Julie Spence, Chief Constable of Cambridgeshire, said her officers were already struggling to cope with the consequences of migration and warned that if the economic downturn continued, it would heighten tensions in communities with large numbers of migrant workers.
Speaking at the Police Federation conference in Bournemouth on Wednesday, Mrs Spence said: “We do wonder what is going to happen as the credit crunch starts to bite. We have already seen [claims that] ‘people are taking our jobs’.
“What does the future hold? We have to be very alive and alert to that as police officers if we want to live in cohesive communities.”
The police chief claimed that “poor” Government figures on migrant numbers could not be trusted.
Ministers had underestimated the number of Eastern Europeans in the UK by up to two thirds, she said, adding that her own research suggested there were as many as 1.4 million living in Britain.
According to official statistics published this week, 845,000 Eastern European migrants have applied for the Worker Registration Scheme.
Mrs Spence told delegates at the Bournemouth conference that reports that some migrants were returning home were wrong. She gave a series of examples of new problems faced by her officers as a result of the growing migrant population.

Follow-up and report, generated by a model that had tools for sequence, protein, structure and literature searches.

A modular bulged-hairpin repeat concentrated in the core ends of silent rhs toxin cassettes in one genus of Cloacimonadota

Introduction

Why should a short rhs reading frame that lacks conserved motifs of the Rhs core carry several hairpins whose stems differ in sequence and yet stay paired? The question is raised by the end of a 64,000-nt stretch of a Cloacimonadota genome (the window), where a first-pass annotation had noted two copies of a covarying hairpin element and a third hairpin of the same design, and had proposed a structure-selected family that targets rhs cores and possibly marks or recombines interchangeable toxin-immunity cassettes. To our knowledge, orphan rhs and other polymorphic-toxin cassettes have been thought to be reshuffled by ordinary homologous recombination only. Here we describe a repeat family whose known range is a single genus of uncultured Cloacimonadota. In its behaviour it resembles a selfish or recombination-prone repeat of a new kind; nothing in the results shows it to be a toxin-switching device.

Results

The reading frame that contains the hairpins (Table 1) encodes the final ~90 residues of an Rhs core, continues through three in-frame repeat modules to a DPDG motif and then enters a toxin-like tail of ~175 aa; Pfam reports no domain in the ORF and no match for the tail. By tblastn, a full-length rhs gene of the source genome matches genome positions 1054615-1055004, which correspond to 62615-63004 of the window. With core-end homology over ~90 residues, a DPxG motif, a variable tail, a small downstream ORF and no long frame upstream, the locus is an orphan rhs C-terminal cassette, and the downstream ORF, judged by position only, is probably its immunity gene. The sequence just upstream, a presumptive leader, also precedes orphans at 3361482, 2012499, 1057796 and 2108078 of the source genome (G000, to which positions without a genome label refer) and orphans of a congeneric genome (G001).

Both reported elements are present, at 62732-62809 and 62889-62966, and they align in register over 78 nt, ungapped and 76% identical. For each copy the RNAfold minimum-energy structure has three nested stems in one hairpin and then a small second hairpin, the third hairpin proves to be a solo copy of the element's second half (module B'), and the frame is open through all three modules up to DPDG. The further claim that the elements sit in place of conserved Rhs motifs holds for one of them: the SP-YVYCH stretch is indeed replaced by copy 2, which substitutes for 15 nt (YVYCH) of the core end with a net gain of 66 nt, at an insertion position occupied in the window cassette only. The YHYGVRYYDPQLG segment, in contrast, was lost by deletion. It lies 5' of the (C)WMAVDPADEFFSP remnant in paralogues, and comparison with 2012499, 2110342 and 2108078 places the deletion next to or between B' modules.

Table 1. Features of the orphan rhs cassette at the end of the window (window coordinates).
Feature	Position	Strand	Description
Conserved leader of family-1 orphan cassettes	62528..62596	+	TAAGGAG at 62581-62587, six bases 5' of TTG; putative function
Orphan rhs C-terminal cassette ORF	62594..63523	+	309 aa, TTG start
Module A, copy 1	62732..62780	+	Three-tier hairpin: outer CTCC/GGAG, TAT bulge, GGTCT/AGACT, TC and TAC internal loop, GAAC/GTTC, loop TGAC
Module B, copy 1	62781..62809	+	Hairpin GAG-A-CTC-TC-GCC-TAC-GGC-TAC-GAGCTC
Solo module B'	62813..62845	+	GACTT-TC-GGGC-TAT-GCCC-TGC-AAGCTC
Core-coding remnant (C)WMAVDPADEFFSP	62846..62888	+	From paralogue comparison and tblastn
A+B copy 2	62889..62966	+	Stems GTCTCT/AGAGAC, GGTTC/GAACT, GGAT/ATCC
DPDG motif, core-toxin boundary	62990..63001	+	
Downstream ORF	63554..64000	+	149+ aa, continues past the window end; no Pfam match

They included violence breaking out between people from Iraq and Pakistan following confrontations over young women. Mrs Spence, who is due to give evidence to the Home Affairs Select Committee next month on the impact of migrants in Cambridgeshire, labelled the Migrant Impact Forum, the Government’s advisory body, as a “talking shop” and criticised ministers’ response to the issue.
She said: “They need to get their act together because there has been a rapid change and no real response from government apart from a pat on the head.”
Mrs Spence said in Peterborough alone, 93 cultures were now represented and 100 languages spoken.
She added: “There are foreign nationals in our cells every day of the week.”
The police chief called for a European-wide convictions database and gave the example of one man who was violent towards police after crashing his car in Cambridgeshire. They later discovered from Polish authorities that he had been convicted of murder in his homeland.